At step 616, the system may determine that the outcome of the intersection test is one of the following: (1) a miss–meaning that the beam misses the bounding volume entirely; (2) fully contained–meaning that the beam contains the bounding volume fully/entirely; or (3) partial intersection–meaning that the beam and the bounding volume intersect but the bounding volume is not fully contained within the beam. If the system determines, at step 618, that the test outcome is a miss, the system may remove/discard the subtree of the current node from being candidates to be tested for intersection with the block beam. For example, referring again to FIG. 1, node 132 may represent a miss, meaning that the bounding volume associated with the node 132 does not intersect the block beam at all. As such, the smaller bounding volumes contained within that bounding volume (e.g., bounding volumes associated with nodes 133-136 in the subtree of node 132) need not be tested further, thereby providing substantial computational savings. If instead the system determines, at step 620, that the test outcome is fully contained, the system may accumulate the bounding volume as an entry point and no further traversal of the associated node’s subtree is required as it is transitively fully contained. Referring to FIG. 1, node 121 may represent a bounding volume that is fully contained within the block beam. As such, the smaller bounding volumes contained within that bounding volume (i.e., bounding volumes associated with nodes 122-125 in the subtree of node 121) need not be tested against the block beam (but may be tested in the subsequent tile-culling phase), thereby providing substantial computational savings. If instead the system determines, at step 622, that the test outcome is partially contained (e.g., the bounding volume partially intersects with the block beam), the system may add/insert the subtree associated with the bounding volume into the traversal stack for continued refinement. Referring to FIG. 1, node 110 may represent a bounding volume that partially intersects the block beam. As such, the smaller bounding volumes contained within that bounding volume may be further tested against the block beam. For example, in response to a determination that the bounding volume of node 110 partially intersects with the block beam, the system may insert the top node of each subtrees (e.g., node 120 and 130) into the traversal stack for further intersection tests against the block beam.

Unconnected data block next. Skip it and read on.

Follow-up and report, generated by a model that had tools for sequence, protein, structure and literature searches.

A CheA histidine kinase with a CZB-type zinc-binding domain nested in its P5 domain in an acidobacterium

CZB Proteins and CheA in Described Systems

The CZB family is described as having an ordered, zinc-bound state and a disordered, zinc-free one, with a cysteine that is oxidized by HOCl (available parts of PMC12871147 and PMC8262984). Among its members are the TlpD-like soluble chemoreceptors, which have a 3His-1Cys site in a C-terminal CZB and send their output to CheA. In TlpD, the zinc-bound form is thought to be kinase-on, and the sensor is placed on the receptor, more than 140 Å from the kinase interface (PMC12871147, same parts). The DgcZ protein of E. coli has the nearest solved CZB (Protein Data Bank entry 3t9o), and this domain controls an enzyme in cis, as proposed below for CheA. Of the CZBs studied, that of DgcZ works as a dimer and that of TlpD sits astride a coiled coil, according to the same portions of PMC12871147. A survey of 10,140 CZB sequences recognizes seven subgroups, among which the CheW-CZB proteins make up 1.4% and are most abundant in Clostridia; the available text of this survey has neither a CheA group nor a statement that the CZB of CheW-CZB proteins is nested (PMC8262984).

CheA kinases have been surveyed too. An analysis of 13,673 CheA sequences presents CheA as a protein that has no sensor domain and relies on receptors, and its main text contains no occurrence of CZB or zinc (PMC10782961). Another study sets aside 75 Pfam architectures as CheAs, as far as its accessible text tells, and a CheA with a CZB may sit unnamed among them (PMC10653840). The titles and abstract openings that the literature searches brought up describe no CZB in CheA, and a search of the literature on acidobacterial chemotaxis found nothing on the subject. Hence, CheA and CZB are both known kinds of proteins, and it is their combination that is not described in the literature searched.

In particular embodiments, at step 624, the system may determine whether one or more terminating conditions for the block-culling phase are met. If no terminating condition is met, the system may continue to perform intersection tests against bounding volumes associated with the nodes stored in the traversal stack. For example, after determining that the bounding volume of the root node 110 partially intersects the block beam, the system may, in the next iteration, test whether the smaller sub-bounding volume associated with, e.g., node 120 or 130 intersects with the block beam. This process may continue until a terminating condition is met. For example, traversal may continue until the traversal stack is empty. If so, the system may sort the accumulated entry points (or fully contained bounding volumes) in near depth order and pass them onto the tile-culling phase for further processing. Another terminating condition may be when the sum of the size of the traversal stack and the size of the list of fully contained bounding volumes equals a prespecified value, such as 32, 64, 128, etc. In particular embodiments, the traversal stack and the list may be merged, sorted in near depth order and passed onto the tile-culling phase. Thus, no more than a fixed number of entry points are ever passed from the block-culling phase onto tile-culling phase.